Amato's replacement was Thomas D'Alessio, the three-term Sheriff. D'Alessio won narrowly against Republican Michael Vernotico, the Deputy Mayor of Millburn, in 1990. He didn't last four years in office; he was removed after his conviction on federal corruption charges. The Assistant U.S. Attorney in that case, Kim Guadagno, will take office as Lt. Governor in January.Read More >
Edward Werner has filed a lawsuit against the state and Attorney General Anne Milgram, alleging that politics played a key role in his termination last year as Acting Executive Director of the Victims of Crime Compensation Office.
Werner, whose eleven year old son was murdered in 1997, says that he was fired for seeking to eliminate waste in state agency that compensates the victims of violent crime and for moving to reform a system that permitted no-bid construction contracts.
He alleges that then-State Senate Majority Leader Bernard Kenny (D-Hoboken) pushed him to protect the job of Cathleen Russo Delanoy, a lawyer for the agency whose position could have been eliminated if legislation to reorganize the agency was approved. Delanoy is the daughter of former Senate President John Russo and the sister-in-law of State Sen. Robert Singer (R-Lakewood).Read More >
For the first time since the new State Constitution was approved in 1947, a majority of members of the 2009 New Jersey State Senate Judiciary Committee -- six of eleven -- are not lawyers. Chairman Paul Sarlo and Vice Chairman John Girgenti are not attorneys, as is fellow Democrat Loretta Weinberg. Among the Republicans, Gerald Cardinale (who serves as the unofficial ranking Republican), Joseph Kyrillos and Jennifer Beck are not attorneys.
The lawyers on the Judiciary Committee are Democrats Raymond Lesniak, Nicholas Scutari, Robert Smith and Nia Gill, and Republican Bill Baroni.
Senate President Richard Codey, who is responsible for the non-lawyer a majority -- a move some pols are applauding -- is one of a few non-lawyers to serve as Senate President.Read More >
State Sen. Anne Martindell of Princeton, who died yesterday at 93, championed the underdog throughout a life marked by public service and a thirst for knowledge and self-improvement. In the words of her son, Princeton Councilman Roger Martindell, "she fought for what she believed in, and she was gracious in the fight."
Elected to the state Senate as a Democrat in 1973 as part of the Watergate backlash that landed a number of Democrats in the Statehouse to form a 28-12 Democratic majority, Martindell served one term before becoming President Jimmy Carter’s Ambassador to New Zealand.
In her eighties, she doubled back on the college career she never completed. Sixty-years after leaving Smith College following her freshman year, Martindell obtained her Bachelor’s degree from Smith and an honorary doctorate of law in 2002.
On Thursday, news of her death brought forth an outpouring of goodwill from those who knew her and those with whom she served in Trenton, including former Gov. Brendan T. Byrne.Read More >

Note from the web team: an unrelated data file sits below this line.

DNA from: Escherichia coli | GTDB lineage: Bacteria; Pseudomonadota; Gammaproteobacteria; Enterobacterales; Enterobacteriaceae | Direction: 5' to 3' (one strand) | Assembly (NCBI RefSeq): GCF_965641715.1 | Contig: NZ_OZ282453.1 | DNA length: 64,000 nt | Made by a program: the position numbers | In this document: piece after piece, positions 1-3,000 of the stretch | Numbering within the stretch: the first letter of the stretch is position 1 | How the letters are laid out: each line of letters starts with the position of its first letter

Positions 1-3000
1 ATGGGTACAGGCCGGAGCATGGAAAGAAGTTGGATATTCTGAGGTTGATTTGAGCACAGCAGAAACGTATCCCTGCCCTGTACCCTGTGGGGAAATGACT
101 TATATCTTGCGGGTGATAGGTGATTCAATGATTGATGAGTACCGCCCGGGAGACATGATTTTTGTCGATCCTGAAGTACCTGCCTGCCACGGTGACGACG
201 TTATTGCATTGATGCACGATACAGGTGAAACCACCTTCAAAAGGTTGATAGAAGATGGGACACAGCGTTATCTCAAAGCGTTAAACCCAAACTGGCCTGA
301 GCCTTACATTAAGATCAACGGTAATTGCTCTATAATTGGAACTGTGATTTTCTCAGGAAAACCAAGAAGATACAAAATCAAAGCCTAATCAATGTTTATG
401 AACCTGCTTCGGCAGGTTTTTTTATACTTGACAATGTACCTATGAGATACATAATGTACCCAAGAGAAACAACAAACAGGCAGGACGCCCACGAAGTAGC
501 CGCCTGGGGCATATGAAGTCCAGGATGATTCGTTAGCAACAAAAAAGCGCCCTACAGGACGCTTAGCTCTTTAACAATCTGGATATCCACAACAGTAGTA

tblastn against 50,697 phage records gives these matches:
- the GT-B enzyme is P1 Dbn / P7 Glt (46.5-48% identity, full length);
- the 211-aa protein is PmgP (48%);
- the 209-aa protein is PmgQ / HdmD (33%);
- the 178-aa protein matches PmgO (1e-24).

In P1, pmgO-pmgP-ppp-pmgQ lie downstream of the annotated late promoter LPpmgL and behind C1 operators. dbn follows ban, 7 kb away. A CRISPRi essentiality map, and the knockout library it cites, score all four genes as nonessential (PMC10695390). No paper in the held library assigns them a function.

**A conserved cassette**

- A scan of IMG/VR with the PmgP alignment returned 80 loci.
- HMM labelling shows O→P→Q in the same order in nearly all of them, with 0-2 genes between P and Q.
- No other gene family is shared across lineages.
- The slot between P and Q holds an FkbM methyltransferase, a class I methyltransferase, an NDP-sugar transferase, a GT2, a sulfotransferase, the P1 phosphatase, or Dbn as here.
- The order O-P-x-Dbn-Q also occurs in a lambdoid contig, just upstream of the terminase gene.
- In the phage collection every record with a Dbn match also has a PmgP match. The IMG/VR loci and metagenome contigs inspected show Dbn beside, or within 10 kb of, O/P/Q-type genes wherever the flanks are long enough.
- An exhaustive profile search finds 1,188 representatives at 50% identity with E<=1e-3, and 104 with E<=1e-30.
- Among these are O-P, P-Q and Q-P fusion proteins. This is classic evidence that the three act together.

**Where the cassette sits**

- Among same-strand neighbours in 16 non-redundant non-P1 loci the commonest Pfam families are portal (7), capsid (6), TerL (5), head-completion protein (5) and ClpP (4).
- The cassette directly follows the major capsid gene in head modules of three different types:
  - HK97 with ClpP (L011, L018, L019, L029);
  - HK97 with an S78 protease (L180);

Carmen Orechio is the only former Senate President who still holds public office, and is one of eight living former Senate Presidents. With the death of 98-year-old Wesley Lance last August, the 81-year-old Orechio is now the second oldest living ex-Senate President; the oldest is Frank McDermott, 83, who ran the Senate in 1969. The other living ex-Senate Presidents: Raymond Bateman, Frank Dodd, John Russo, John Lynch, Donald DiFrancesco, and John Bennett.Read More >
Usually the Governor announces his own appointments, but this week Ocean County Prosecutor Thomas Kelaher said that his successor will be Marlene Lynch Ford, a former Democratic Assemblywoman from Ocean County.
Ford was first elected to the Legislature in 1983, defeating one-term Republican Warren Wolf (who had won an open Assembly seat in 1981 when Hazel Gluck unsuccessfully sought to move up to the Senate in a race against John Russo). At age 29, she is among the youngest women to ever win election to the New Jersey State Assembly.Read More >
A polling memo prepared by a company with ties to Gov. Chris Christie shows public support for red light cameras.Read More >
Belmar mayor's race: a wave of post-Sandy project politics stirs up seaside Monmouth borough BELMAR - When Belmar Mayor Matt Doherty rolled out his re-election campaign in February, he did so still basking in the glow of what many residents of the 6,000-person Monmouth County seaside borough saw...
By MICHAEL W. KLEIN In his weekly radio address on August 16, President Obama challenged colleges “to do their part to bring down costs” and lighten the tuition burden on students. The state colleges and universities in New Jersey have... Read More >
"Christie’s method for coping with scandal has been more complicated. In January, the seemingly-local issue of lane closings on the George Washington Bridge, which created a massive traffic jam in the Hudson River town of Fort Lee, became one of national interest when it was revealed that one of Christie’s closest staffers had ordered them—for what looked like political retribution against a Democratic mayor. The scandal was quickly dubbed 'Bridgegate,' and unfortunately for Christie, it played into his reputation as a bully. Christie's response was to act unlike himself: humble." - Olivia Nuzzi- The Daily Beast